Remote Sensing Applications and Decision Support

Capabilities and performance of dual-wavelength Echidna® lidar

[+] Author Affiliations
Glenn A. Howe, Kuravi Hewawasam, Jason Martel, Timothy A. Cook, Supriya Chakrabarti

UMass Lowell, Experimental Center for Environmental LIDAR, Department of Physics, Lowell, Massachusetts 01854, United States

Ewan S. Douglas

Boston University, Department of Astronomy, Boston, Massachusetts 02215, United States

Zhan Li, Crystal Schaaf

UMass Boston, School for the Environment, College of Science and Mathematics, Boston, Massachusetts 02215, United States

Alan Strahler

Boston University, Department of Earth and Environment, Boston, Massachusetts 02125, United States

J. Appl. Remote Sens. 9(1), 095979 (Dec 17, 2015). doi:10.1117/1.JRS.9.095979
History: Received July 13, 2015; Accepted November 18, 2015
Text Size: A A A

Abstract.  We describe the capabilities and performance of a terrestrial laser scanning instrument built for the purpose of recording and retrieving the three-dimensional structure of forest vegetation. The dual-wavelength Echidna® lidar characterizes the forest structure at an angular resolution as fine as 1 mrad while distinguishing between leaves and trunks by exploiting their differential reflectances at two wavelengths: 1 and 1.5 μm. The instrument records the full waveforms of return signals from 5 ns laser pulses at half-nanosecond time resolution; obtains ±117 deg zenith and 360 deg azimuth coverage out to a radius of more than 70 m; provides single-target range resolution of 4.8 and 2.3 cm for the 1 and 1.5 μm channels, respectively (1σ); and separates adjacent pulse returns in the same waveform at a distance of 52.0 and 63.8 cm apart for the 1 and 1.5 μm channels, respectively. The angular resolution is in part controlled by user-selectable divergence optics and is shown to be <2 mrad for the instrument’s standard resolution mode, while the signal-to-noise ratio is 10 at 70 m range for targets with leaf-like reflectance for both channels. The portability and target differentiation make the instrument an ideal ground-based lidar suited for vegetation sensing.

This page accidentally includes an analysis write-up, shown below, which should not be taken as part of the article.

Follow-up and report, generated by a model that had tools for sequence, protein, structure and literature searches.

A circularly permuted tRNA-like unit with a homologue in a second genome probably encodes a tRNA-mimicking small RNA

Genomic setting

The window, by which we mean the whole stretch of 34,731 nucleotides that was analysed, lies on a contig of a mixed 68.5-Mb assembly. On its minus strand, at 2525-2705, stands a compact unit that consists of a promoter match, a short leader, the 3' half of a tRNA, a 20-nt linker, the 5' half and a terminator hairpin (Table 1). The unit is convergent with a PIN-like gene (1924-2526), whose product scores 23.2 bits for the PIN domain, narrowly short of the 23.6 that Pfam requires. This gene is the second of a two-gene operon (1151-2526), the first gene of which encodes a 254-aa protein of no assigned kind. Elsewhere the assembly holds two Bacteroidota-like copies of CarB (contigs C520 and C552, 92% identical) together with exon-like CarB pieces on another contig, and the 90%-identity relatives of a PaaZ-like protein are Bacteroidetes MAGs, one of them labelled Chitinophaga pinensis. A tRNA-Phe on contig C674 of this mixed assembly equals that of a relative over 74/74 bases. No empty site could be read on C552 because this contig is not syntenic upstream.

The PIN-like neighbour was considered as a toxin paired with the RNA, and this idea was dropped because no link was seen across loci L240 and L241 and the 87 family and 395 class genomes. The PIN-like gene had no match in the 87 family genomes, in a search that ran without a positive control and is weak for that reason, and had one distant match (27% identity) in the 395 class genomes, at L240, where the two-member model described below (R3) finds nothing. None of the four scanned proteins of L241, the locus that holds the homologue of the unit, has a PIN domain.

Figures in this Article
© 2015 Society of Photo-Optical Instrumentation Engineers

Citation

Glenn A. Howe ; Kuravi Hewawasam ; Ewan S. Douglas ; Jason Martel ; Zhan Li, et al.
"Capabilities and performance of dual-wavelength Echidna® lidar", J. Appl. Remote Sens. 9(1), 095979 (Dec 17, 2015). ; http://dx.doi.org/10.1117/1.JRS.9.095979


Access This Article
Sign in or Create a personal account to Buy this article ($20 for members, $25 for non-members).

Some tools below are only available to our subscribers or users with an online account.

Related Content

Customize your page view by dragging & repositioning the boxes below.

Related Book Chapters

Topic Collections

Advertisement
  • Don't have an account?
  • Subscribe to the SPIE Digital Library
  • Create a FREE account to sign up for Digital Library content alerts and gain access to institutional subscriptions remotely.
Access This Article
Sign in or Create a personal account to Buy this article ($20 for members, $25 for non-members).
Access This Proceeding
Sign in or Create a personal account to Buy this article ($15 for members, $18 for non-members).
Access This Chapter

Access to SPIE eBooks is limited to subscribing institutions and is not available as part of a personal subscription. Print or electronic versions of individual SPIE books may be purchased via SPIE.org.